Semifreddo Sci-Fi

I would like to begin by saying that there is a special section of Purgatory reserved for those overly impressionable souls who publicly self-identify with Ender from Ender's Game. For every statement that Battle School was "just like" their elementary school, five years of enforced meditation on the wholly murder-free nature of their kindergarten days. For all its wonderful qualities, Ender's Game has always seemed to me to be just a bit overboard in its estimate of the psychological and emotional maturity of kids in their single-digit years. And for all its at-times awful qualities, the misuse most bright kids get at the hands of bullies and pressuring authority figures is still in a fundamentally different category than what Ender goes through. Almost by definition, anyone who survives childhood in a position to be able to draw comparisons between themselves and Ender really hasn't had to deal with all that much. The Ender analogy is an act of almost Dostoyevskian self-aggrandizing self-pity, crying out for understanding and sympathy because the poor tormented soul is just too sensitive to handle the massive burdens the world has to bear, too brilliant to be allowed to walk away from them.

To continue, though, there is a certain relationship between Ender's Game and its first sequel, Speaker for the Dead. I don't mean simply "the sequel is worse." There's room enough later in the series for that, particularly in the most recent, Ender's Shadow, which reads like a weak retread of the original, perhaps because it is a retread of the original, told from a different and less interesting point of view. Ender's Game was tightly focused, closely tied to the Earthers' view of a terrifying Other, set in confining environments and with a spare and stunning progression towards its deep moral humdingers. Speaker for the Dead comes after, but it also opens that scope outwards, temporally and geographically, follows multiple characters in what is a more complex interpersonal drama on something of a slightly more epic scale. It poses the same moral issues, but throws new ones into the mix, as well. In essence, it has larger ambitions, and for that reason, perhaps loses the keening pinpoint fire of the first's laser intensity.

This is exactly the relationship between Mary Doria Russell's two works of science fiction (an anthropologist by training, she is a mid-life convert to sci-fi authordom): The Sparrow and Children of God. The former is one of, if not the best, first-contact tales I've ever read. Inspired by the 500th anniversary of 1492, she makes the novel a meditation on the experiences of those involved in our own planet's most memorable first-contacts, as translated into space for narrative convenience. It's a wild idea, sending off a Jesuit mission as humanity's first (secretively-sent) ambassadors to see what they make of the experience, and Russell pulls off this odd choice, makes it necessary to the deeper workings of her plot. She drives at cross-cultural misunderstandings without demonizing any particularly short-sighted view, sets up a terrible theological and personal conundrum, and is absolutely, utterly, completely and totally merciless in driving her unsuspecting characters into it. The conclusion is quite literally terrible, unswavering in its stripping down of that word to the terror at its core. Children of God, follows on in exactly the same way as Speaker for the Dead: broader, following more plot strands, more ambitious, more assertive in exploring more themes -- and in the end, it falls short of The Sparrow by the same two feet and three inches that Speaker for the Dead falls short of Ender's Game. There are more flavors in the broth, but it has cooled enough not to sear.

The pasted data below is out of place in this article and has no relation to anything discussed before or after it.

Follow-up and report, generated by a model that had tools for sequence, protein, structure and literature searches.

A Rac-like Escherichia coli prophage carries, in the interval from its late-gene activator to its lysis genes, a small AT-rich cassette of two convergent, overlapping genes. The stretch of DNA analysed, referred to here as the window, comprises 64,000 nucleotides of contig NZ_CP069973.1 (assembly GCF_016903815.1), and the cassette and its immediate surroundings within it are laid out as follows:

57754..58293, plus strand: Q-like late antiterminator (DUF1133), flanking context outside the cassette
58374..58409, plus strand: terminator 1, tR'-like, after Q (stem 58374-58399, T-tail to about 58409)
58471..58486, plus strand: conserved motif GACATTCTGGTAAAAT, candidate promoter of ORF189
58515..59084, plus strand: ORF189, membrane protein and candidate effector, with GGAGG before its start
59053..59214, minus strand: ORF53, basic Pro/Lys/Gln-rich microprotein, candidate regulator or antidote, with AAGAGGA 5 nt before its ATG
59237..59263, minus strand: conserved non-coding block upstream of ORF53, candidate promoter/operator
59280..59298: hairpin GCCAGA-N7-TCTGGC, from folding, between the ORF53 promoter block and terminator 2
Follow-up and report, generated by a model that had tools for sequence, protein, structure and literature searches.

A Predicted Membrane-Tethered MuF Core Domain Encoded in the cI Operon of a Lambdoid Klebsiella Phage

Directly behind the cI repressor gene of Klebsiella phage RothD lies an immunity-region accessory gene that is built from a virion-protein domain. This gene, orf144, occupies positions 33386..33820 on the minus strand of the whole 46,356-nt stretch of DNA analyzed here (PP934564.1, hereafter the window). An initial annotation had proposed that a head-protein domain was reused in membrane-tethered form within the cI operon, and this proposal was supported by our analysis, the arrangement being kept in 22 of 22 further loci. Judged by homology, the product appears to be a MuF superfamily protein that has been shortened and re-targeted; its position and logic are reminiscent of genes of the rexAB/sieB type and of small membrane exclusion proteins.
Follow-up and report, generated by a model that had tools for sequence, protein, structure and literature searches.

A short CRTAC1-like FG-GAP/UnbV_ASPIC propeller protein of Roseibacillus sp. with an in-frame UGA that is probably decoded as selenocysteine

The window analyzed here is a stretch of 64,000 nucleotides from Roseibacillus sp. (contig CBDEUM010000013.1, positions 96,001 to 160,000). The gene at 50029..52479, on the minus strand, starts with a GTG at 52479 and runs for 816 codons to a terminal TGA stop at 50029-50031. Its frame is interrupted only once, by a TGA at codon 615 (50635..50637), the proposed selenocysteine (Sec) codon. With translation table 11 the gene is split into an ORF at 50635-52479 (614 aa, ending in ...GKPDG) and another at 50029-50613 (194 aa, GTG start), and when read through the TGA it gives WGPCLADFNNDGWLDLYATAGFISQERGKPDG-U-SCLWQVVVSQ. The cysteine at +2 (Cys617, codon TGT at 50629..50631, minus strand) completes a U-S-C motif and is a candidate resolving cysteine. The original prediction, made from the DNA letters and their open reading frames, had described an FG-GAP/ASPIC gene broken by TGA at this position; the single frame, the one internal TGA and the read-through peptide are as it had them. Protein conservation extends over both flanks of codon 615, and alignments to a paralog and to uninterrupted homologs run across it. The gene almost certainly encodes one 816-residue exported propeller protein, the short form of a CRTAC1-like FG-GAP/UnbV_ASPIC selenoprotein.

What it shares with its predecessor -- and with Card's Ender books -- is the wonderful acceptance that galactic scale is not so much spatial as temporal. Rakhat (the alien planet) is four light-years away; the journey takes one year in the reference frame of the travellers and seventeen years in Earth's frame. Communication with home is effectively useless, thanks to the eight-year response time, a journey out and back takes half a lifetime to those left behind, astronomers picking up signals sent out by expeditions can only watch in horror, powerless to intervene for reasons fundamental to the nature of the universe itself. Russell pulls dramatic tension from these fixed constants and the skews they induce in her characters perspectives. She never makes the point herself, but "relativity" functions richly in the novels both physically and culturally, and the novels' events make something genuinely worthwhile out of an oft-abused metaphor.

The only really comparable literary engagement with the laws of physics that I know of (I'm sure there are others out there, beyond the scope of my own limited engagement with science fiction) is Stanislaw Lem's. Many of his stories (especially the Pirx the Pilot tales) start from an insistence of taking seriously some fact of physics oft-overlooked by writers who lack the rich imagination needed to wrap the mind around reality's credibility-straining non-negotiables. And from this confrontation he builds pathos, tragedy, humor, and bleakly moving humanity. How long would it take to reach the far-off stars with even the most meagre resources and what would happen to Earth in the meantime? How well can ships communicate and track each other even within a single solar system? What solitary poetry must come to the spacewrecked? In each case, it is the physics of the situation that echoes in the taut and closely etched emotions of the plot. The science in most hard sci-fi struts with the oiled self-worship of the bodybuilder, marvelling at its technological gadgetry and the too-facile mastery of equations and buzzwords; it takes a more sympathetic and complex talent to see the hollows and aching yearnings implicit in that science.